Syria is just a civil war between some rebels and it's government - South Africa was fighting a war with Zambia , Mozambique , Cuba and Angola. South Africa didn't develop nuclear weapons to fight ANC rebels.

Eric Margolis wrote 'compared to today’s world leaders, Mandela does looks like a saint' :
http://ericmargolis.com/2013/12/mandela-terrorist-or-saint/
7
7
Rating: 0
I Chandler
"But at least the Kennedy orgy was over a lot faster—and nobody compared him to Gandhi or Christ."

Funny - some consider the Kennedy orgy as 'hatchet jobs pure and simple' - The founder of Salon,David Talbot, complained that JFK "has been entombed under 1,000 layers of junk history ... JFK, released back in 1991, was the last movie to offer a brave interpretation of the Kennedy tragedy. For his efforts, Stone was so savagely pilloried, he still hasn’t fully recovered his reputation"

http://www.salon.com/2011/04/01/kennedys_in_hollywood/

On the 50th anniversary of JFK's death, his nephew recalled JFK's attempts to halt the war machine - his dad, RFK became the country’s first conspiracy theorist after his brother’s assassination:
http://www.rollingstone.com/politics/news/john-f-kennedys-vision-of-peac...

"We haven’t seen such a ridiculous spectacle since...oh, since the 50th anniversary of the assassination of John F. Kennedy three weeks ago."

I just remember ( of the 50th anniversary ), the Mayor of Dallas complaining that his city has suffered for fifty years - forever known as the City of Hate. Oliver Stone talked about Kennedy's legacy:

http://www.democracynow.org/2013/11/5/oliver_stone_on_50th_anniversary_of
8
4
Rating: +4
Dennis Ryan
Nelson Mandela was no saint; well thank God for that! As a former Catholic, I've seen people elevated to sainthood that definitely seem more political than spiritual. Mandela made his mistakes and was more icon than anything else, but he's exactly what South Africa needed. I think his spiritual growth made the difference between bloody civil war and peaceful transition.
3
4
Rating: -1
HE
Mandela did nothing for his own people. Personally, being African, my hero is not Nelson Mandela but Robert Mugabe. Corporate media hail Mandela because he did nothing to change the Apartheid economic system which continues to this day. Mugabe did that! He redistributed land to 400,000 initially owned by few white minorities. That is why you hate Mugabe and love Mandela!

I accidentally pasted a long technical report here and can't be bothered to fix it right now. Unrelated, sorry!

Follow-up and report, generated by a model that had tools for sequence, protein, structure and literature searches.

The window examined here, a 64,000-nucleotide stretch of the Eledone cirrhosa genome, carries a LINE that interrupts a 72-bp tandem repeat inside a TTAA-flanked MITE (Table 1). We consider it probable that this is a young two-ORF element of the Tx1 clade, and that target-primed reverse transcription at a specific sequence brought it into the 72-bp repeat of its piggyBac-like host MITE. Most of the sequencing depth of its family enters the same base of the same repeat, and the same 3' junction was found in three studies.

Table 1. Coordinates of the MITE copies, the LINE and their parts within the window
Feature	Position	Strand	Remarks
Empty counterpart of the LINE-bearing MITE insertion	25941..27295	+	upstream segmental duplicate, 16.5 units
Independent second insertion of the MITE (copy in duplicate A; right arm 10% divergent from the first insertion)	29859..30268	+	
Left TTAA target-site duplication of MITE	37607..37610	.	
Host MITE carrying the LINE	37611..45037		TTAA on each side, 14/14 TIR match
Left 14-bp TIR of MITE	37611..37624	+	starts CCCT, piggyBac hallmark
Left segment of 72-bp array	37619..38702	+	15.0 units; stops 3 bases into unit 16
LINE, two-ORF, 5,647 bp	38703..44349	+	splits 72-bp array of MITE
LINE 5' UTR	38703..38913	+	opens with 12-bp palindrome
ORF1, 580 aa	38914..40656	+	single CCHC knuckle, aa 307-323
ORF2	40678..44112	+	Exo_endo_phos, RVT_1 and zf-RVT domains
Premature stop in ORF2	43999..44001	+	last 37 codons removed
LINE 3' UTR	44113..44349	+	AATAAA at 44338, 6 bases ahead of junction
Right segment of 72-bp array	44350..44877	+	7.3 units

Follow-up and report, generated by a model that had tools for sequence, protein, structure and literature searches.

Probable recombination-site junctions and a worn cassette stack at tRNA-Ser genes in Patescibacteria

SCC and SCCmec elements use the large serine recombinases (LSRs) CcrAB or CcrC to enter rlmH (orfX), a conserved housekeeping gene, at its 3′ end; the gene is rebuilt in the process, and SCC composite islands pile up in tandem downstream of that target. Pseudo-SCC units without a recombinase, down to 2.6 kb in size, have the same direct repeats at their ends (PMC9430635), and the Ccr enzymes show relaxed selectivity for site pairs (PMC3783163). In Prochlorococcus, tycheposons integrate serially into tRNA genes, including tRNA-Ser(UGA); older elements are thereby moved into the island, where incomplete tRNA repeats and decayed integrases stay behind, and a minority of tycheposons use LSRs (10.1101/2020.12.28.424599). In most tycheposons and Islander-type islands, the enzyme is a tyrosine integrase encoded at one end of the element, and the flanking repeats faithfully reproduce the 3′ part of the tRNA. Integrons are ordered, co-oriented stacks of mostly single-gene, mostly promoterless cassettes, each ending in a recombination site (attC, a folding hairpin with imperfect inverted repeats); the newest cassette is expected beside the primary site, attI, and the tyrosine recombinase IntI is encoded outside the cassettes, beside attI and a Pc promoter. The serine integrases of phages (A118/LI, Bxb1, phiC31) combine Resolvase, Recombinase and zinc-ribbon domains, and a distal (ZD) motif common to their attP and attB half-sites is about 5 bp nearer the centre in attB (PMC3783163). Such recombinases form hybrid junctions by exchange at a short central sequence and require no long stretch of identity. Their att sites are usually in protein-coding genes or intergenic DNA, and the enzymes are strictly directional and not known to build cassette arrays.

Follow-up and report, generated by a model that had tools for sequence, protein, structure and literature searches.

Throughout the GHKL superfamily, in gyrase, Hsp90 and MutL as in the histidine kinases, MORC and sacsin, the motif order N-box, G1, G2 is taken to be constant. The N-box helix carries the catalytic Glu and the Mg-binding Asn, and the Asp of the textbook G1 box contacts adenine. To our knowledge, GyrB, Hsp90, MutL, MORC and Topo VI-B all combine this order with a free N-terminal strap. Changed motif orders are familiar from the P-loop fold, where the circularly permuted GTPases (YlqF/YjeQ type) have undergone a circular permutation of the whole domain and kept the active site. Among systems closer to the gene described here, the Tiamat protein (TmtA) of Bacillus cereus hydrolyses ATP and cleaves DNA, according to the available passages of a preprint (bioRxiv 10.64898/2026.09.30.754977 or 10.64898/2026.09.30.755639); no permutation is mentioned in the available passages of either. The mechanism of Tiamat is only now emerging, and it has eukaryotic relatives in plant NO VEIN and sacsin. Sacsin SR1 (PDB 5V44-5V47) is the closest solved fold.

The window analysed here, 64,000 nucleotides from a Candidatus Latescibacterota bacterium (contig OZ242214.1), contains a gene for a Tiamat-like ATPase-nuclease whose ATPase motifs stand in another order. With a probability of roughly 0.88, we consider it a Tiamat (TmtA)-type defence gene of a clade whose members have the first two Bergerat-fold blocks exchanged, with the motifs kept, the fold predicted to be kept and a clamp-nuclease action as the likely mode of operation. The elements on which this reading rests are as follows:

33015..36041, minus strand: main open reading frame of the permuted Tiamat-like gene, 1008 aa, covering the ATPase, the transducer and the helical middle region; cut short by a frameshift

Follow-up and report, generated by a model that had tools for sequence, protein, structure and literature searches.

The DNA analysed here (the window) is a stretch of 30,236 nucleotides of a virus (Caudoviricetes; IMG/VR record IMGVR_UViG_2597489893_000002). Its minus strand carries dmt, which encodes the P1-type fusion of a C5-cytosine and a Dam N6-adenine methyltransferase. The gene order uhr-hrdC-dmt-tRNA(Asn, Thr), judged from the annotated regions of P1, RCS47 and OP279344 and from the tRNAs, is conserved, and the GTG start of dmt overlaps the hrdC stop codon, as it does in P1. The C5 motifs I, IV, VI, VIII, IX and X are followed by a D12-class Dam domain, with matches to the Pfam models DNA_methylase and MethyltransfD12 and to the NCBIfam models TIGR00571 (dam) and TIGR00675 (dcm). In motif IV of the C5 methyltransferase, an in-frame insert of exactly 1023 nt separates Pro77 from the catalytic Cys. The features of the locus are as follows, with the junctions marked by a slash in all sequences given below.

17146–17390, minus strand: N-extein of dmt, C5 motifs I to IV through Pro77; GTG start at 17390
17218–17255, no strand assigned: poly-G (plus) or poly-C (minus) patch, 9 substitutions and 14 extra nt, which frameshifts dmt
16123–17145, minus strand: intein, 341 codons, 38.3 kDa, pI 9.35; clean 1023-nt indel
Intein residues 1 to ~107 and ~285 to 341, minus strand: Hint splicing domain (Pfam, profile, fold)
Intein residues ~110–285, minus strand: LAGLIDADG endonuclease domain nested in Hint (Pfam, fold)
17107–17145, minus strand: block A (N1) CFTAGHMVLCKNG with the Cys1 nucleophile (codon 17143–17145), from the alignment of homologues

3
9
Rating: -6
McRocket
To 'Unknown Sonebody'.

You can always tell when someone is emotionlly unbalanced about a subject, when they don't have the emotional strength to tolerate conflicting views.
Not only do you hate what he says - which is your right - but you are trying to shut him up and deny him his right to free speech.
Typical.
9
4
Rating: +5
JMW
@HE

The reason we hate Mugabe is the reign of terror since he took power. It's the undemocratic rigging of elections. It's the use of death squads to enforce election votes, raping, killing, maiming, and so on and so on. If Mugabe had redistributed land and then stepped down, he'd probably be considered today to be a great man, and if Zimbabwe had gone down the same sinkhole, he'd be a great man whose country wasted his contribution.

Instead, Mugabe fell in love with power and refuses to give it up and will stop at NOTHING to keep it. That's why we hate him.
9
7
Rating: +2
Add new comment
To prevent automated spam submissions leave this field empty.